Intended for healthcare professionals


Is norethisterone a lifestyle drug?

BMJ 2000; 320 doi: (Published 10 June 2000) Cite this as: BMJ 2000;320:1605

Health is not merely the absence of disease

  1. Gerry Bryant, specialist registrar in public health medicine (,
  2. Ian Scott, consultant in obstetrics and gynaecology,
  3. Anne Worrall, specialist registrar in public health medicine
  1. Leicestershire Health Authority, Leicester LE5 4QF
  2. Derby City General Hospital, Derby DE22 2NE
  3. Nottingham Health Authority, Nottingham NG1 6GN
  4. Barnfield Hill Surgery, Exeter EX1 1SR
  5. Ridgeway Surgery, North Harrow HA2 7DU

    EDITOR—The summer peak in norethisterone prescribing shown so graphically by Shakespeare et al will not surprise most general practitioners.1 Although there is evidence that norethisterone is ineffective in reducing menstrual loss in menorrhagia,2 the drug is licensed and is effective at delaying the onset of menstruation and regulating chaotic or short menstrual cycles.3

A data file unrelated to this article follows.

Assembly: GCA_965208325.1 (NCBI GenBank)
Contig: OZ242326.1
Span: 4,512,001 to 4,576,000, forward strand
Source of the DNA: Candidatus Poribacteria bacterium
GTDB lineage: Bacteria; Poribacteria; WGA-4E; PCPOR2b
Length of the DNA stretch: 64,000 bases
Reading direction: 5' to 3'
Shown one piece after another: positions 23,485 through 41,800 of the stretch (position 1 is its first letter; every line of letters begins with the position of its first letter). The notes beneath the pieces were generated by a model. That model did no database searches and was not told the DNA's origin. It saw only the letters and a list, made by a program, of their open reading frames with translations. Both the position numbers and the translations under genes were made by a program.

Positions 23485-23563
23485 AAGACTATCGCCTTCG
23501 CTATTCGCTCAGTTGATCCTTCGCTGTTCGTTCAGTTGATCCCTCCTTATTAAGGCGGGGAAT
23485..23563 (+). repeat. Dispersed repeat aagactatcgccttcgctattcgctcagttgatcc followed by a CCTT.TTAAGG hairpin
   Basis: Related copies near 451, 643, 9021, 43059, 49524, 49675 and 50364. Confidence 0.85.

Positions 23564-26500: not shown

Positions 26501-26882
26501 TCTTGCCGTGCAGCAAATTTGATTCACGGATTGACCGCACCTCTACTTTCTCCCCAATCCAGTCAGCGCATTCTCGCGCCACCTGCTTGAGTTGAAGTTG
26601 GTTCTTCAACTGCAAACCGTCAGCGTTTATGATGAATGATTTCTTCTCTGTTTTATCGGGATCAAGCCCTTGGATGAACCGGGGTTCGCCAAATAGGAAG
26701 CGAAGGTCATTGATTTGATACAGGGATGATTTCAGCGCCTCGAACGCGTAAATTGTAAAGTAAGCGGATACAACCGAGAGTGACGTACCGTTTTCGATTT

It is, in our opinion, insulting to women to imply that the use of norethisterone to postpone menstruation—which may account for a substantial proportion of current prescriptions of the drug—is inappropriate for the NHS.

    Menstrual bleeding disorders are common and are often not associated with any recognised organic disease process: dysfunctional uterine bleeding is an acceptable diagnosis. Problem …

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